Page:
March 22, 2006 | By: Terri McLean

Even in times of high calf prices, summer grazing programs in Kentucky can be profitable. A group of economists at the University of Kentucky College of Agriculture estimates that farmers who keep their own calves or buy lightweight calves to graze on grass pastures could earn $50 to $80 per head over their expenses.

“Calf prices are at historically high levels, which may scare some producers out of the summer grazing enterprise,” said Lee Meyer, Extension specialist in livestock and meat marketing. “However, farmers had the same worries during the past two years and still showed a profit.”

Kentucky is primarily a cow-calf state; most of its 45,000 cattle farms have mother cows that produce calves. A majority of cattle farmers send those calves to other states, mostly out west, for additional growth before harvest. However, each year more Kentucky farmers are putting cattle on grass pastures.

“Kentucky is a forage state, which means that perhaps its greatest resource is its pasture land,” Meyer said. “Cattle eat grass, so the best way to use this pasture resource is with cattle.”

Meyer, along with colleagues R.W. Eldridge and Kenny Burdine, analyzed a typical grazing management system: 450-pound steers grazing from April through October with no feed supplementation. The factors they considered were cattle health, rate of weight gain and market prices – the keys to cattle grazing profitability, Meyer said.

The economists then figured average daily gains at 1 ¼ pounds and a sale weight of 700 pounds. They estimated a purchase price of $130 per hundredweight ($585/head) and predicted an October sale price of $105. With a total cash cost of $720 per head, the breakeven price would be $103 per hundredweight and a net return would be about $50 per head.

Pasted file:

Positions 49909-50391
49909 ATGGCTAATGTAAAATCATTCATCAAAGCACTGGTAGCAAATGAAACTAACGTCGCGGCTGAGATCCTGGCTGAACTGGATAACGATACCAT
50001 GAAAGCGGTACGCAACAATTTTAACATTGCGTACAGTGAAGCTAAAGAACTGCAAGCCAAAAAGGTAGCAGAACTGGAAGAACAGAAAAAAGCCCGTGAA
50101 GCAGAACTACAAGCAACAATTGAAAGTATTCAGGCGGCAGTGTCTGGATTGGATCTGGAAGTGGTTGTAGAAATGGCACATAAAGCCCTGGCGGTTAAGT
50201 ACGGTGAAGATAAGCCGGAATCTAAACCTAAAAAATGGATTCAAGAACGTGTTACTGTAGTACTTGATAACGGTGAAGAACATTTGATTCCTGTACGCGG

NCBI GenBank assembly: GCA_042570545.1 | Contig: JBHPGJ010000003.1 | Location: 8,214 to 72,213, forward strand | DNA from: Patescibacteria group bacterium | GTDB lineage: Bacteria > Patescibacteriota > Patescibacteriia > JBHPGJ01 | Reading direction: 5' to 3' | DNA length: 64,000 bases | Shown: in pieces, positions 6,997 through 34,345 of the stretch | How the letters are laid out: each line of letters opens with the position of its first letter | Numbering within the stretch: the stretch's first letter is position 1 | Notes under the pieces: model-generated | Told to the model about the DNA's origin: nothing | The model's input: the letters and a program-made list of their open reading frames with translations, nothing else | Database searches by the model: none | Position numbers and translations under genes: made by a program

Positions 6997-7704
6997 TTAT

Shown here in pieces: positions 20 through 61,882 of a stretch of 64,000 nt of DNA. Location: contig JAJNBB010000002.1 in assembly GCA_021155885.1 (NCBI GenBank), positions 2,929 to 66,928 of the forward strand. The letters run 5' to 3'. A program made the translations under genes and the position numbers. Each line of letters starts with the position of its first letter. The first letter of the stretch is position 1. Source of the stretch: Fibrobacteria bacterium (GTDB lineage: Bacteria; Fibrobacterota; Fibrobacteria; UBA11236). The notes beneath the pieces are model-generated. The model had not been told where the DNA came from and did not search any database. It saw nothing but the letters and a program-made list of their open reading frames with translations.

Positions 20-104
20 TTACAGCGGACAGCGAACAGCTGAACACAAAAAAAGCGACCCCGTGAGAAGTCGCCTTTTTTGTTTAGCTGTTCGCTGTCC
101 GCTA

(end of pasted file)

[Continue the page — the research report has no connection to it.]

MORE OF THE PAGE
“Like every year, there are both market and production risks, but producers with good management are likely to turn a profit,” Meyer said.

Because there are many different management systems that cattle farmers can use, the group also evaluated the profitability of alternative programs, including supplementing pasture with soy hulls, using heifers instead of steer calves, and buying heavier or lighter calves.

They found that supplementing pasture with soy hulls increased the net return $20 to $50 per head over the cost of the feedstuff. They also found that heifers are less profitable than steers in most cases.

While the group’s analysis demonstrated that summer grazing in Kentucky can be profitable, Meyer said he and his colleagues are careful not to influence farmers’ decisions. Rather, their goal is to provide producers with the information needed to help them make their own decisions.

“We don’t know their individual situations well enough to say, ‘This is what you should do,’” he said. “I want this information to stimulate their (producers’) own thinking and encourage them to do their own budgeting. It all comes down to the individual producer saying, ‘Should I do this given my resources and the overall market situation?’”


Lee Meyer, (859) 257-7272, ext. 228